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  4. That said, the mistake is by no means a stupid mistake. There are some individual schools and research programmes in economics, such as the Chicago school, public choice theory, or law and economics, which have – especially at their worst – made many embarrassingly extravagant claims of roughly the sort that the "anti-economics people" unfairly associate with economics as a whole.

    This is sometimes known as economics imperialism, and it's significant that the phenomenon is so widely remarked upon as to have a Wikipedia entry to itself. But it's not the whole of economics, any more than (say) logical positivism, deconstruction, or Thomism is the whole of philosophy, or even the whole of Western philosophy.

    It's just that these schools I mentioned have long had influential backers in politics and the media, which have enabled them to punch above their weight and give the impression that they are more paramount in economics an an academic discipline than they have ever actually been.

    I myself know some academic economists personally; have written repeatedly on economics, in both my books and my newspaper column; and have received actual fan letters from economists I don't know, telling me how gratified they feel that a layperson like myself writes on economics without conflating it with economics imperialism, for a refreshing and totally overdue change.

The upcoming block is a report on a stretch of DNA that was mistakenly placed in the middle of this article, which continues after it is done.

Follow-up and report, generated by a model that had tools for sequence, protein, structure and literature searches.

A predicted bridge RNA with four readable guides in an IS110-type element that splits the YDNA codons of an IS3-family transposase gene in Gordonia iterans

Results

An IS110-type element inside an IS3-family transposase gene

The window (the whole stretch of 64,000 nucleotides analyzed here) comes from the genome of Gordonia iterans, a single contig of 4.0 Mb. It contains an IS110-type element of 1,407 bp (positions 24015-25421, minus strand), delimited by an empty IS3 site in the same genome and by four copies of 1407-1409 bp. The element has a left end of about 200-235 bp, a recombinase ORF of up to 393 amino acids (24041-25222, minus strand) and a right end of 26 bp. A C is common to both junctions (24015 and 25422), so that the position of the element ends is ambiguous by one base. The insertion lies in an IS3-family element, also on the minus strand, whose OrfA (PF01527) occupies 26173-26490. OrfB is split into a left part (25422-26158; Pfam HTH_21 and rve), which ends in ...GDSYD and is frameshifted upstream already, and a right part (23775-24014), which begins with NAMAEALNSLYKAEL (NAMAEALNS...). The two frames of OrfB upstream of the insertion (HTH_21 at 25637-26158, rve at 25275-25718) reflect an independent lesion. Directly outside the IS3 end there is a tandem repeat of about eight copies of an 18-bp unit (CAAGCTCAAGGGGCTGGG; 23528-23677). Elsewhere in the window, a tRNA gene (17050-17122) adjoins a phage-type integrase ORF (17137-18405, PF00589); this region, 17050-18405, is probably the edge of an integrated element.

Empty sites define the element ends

They feel as offended and bewildered by the conflation as you would if you introduced yourself as a philosopher and found yourself being held to account for some one particular piece of philosophy which you don't just disown, but which you feel so alien to as not to see the need separately to even disown it – Aristotle's defence of slavery, say – merely on the grounds that it's philosophy. It is my experience that the statistically average academic economist is more likely to want to dissociate economics from economics imperialism than to associate it with it.

    (Even one of the papers in the February issue of the AER, "Overconfidence in Political Behavior", examines the very phenomenon of social psychology that leads to economics imperialism, among other things – and not because the authors are thrilled about the phenomenon!)

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    1. Thanks again. I know what you mean about the kind of conflation you describe. Someone once gave me an article about Heidegger's Nazism as if to say that this proved the depravity of philosophy.

      By the way, I read and very much enjoyed Ha-Joon Chang's book. I'm trying to overcome my ignorance. It's a slow process.

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  5. https://varoufakis.files.wordpress.com/2013/10/yv-on-bbcradio-4-seismology-vs-economics-cut-version.mp3

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    1. Thanks! Presumably he doesn't think economics is a complete waste of time. Figuring out what it can and should be (how it should be done and to what end) seems like an interesting question.